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January 5, 2020 at 12:48 pm #196394ParticipantTopics: 1Replies: 1Points: 14Rank: Member
I plugged an iPhone into the USB port of my Windows 10 laptop and copied 300+ files into directory "Foo" on my hard drive. I did this with Windows Explorer CopyAll and Paste. The list view of "Foo" shows the actual creation date of each .JPG file (some going back 6 years).
But nothing I've tried in either PowerShell or the old CMD window lets me see these same creation dates. All the things I've tried show more recent dates (e.g. date of last access, date the files were copied into "Foo" from the iPhone, etc.).
In Windows Explorer, I see the file info under headings
Name Date Type Size
A typical line reads
TPLU8319.JPG 2/9/2014 JPEG image 1,133 KB
Clearly the creation date (e.g. 2/9/2014) resides somewhere on my hard drive, but I don't see a way to get these dates into text strings that I can manipulate in a script, etc.
I'd appreciate any advice/suggestions. Thanks in advance. Tom
January 5, 2020 at 2:03 pm #196508ParticipantTopics: 2Replies: 1693Points: 3,368Rank: Community Hero
Clearly the creation date (e.g. 2/9/2014) resides somewhere on my hard drive,
Hmmm ... yes and no. 😉 Digital images have meta data contained in the code in the files and if it's a common or well known format your Windows knows how to extract some of this meta data. That's what you see in the Explorer. Powershell is not able to read those meta data from images out of the box. You will have to find a module what adds this ability or write something by yourself.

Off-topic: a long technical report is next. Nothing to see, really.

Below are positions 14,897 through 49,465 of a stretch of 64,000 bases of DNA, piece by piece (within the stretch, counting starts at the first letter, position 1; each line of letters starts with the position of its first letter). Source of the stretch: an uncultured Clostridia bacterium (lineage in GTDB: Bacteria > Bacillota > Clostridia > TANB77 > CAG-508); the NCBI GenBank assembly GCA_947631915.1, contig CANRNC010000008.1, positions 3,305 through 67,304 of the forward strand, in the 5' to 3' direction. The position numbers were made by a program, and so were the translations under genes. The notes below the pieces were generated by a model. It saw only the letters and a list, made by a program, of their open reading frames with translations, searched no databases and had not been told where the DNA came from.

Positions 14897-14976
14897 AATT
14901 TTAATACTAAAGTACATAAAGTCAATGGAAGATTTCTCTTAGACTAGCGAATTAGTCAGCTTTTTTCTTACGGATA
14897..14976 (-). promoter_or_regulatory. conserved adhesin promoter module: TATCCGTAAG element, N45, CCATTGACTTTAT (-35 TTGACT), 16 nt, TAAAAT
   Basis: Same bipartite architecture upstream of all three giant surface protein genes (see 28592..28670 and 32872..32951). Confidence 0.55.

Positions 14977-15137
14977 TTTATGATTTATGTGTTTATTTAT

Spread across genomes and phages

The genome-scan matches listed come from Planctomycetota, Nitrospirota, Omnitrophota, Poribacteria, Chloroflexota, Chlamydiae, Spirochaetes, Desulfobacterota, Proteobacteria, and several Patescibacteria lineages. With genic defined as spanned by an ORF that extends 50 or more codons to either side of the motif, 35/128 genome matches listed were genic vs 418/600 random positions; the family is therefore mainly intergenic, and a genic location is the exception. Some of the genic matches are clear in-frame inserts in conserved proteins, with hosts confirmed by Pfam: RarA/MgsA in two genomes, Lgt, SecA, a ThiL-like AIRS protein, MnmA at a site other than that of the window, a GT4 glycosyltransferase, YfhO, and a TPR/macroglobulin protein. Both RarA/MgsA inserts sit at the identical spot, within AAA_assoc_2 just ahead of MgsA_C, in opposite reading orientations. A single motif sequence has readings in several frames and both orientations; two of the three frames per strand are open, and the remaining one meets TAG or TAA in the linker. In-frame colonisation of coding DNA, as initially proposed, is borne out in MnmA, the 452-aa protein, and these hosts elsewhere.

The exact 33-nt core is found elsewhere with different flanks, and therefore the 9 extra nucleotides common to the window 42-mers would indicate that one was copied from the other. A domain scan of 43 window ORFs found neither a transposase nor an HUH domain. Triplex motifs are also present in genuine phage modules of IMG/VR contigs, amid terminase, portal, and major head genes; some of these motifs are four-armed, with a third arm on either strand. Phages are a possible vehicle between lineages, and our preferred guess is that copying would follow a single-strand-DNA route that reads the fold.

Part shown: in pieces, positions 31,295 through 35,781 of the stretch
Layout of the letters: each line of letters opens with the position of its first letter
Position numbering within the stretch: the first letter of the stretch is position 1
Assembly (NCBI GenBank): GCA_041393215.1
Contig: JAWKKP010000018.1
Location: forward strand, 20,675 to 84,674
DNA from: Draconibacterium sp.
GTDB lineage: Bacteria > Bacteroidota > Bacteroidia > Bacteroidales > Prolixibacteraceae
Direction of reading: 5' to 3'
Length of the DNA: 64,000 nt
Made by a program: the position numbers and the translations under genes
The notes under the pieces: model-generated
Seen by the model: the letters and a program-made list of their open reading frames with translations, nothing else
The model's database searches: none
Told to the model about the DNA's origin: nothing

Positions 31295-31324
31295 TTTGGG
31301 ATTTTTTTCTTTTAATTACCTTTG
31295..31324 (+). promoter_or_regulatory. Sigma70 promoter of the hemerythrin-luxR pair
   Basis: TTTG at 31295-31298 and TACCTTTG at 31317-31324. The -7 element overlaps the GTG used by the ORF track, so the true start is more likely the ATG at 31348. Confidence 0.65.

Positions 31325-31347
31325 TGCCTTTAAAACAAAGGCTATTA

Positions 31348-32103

Regardless of that: When you post code please format it as code. That's valid for error messages or example data as well.
Thanks in advance
January 5, 2020 at 10:16 pm #196565ParticipantTopics: 1Replies: 1Points: 14Rank: Member
Thank you Olaf. I assumed (incorrectly) that Windows Explorer was displaying a date that was associated with each file, rather than a date within the files themselves. Since I have NTFS, I was thinking I could get the dates I want from the Master File Table — but I can't.
The solution to my problem is to use a utility that extracts the date on which each photograph was taken (and other information) from JPG file headers. The free "jhead" utility does this. See https://www.sentex.ca/~mwandel/jhead/
Thanks again — Tom
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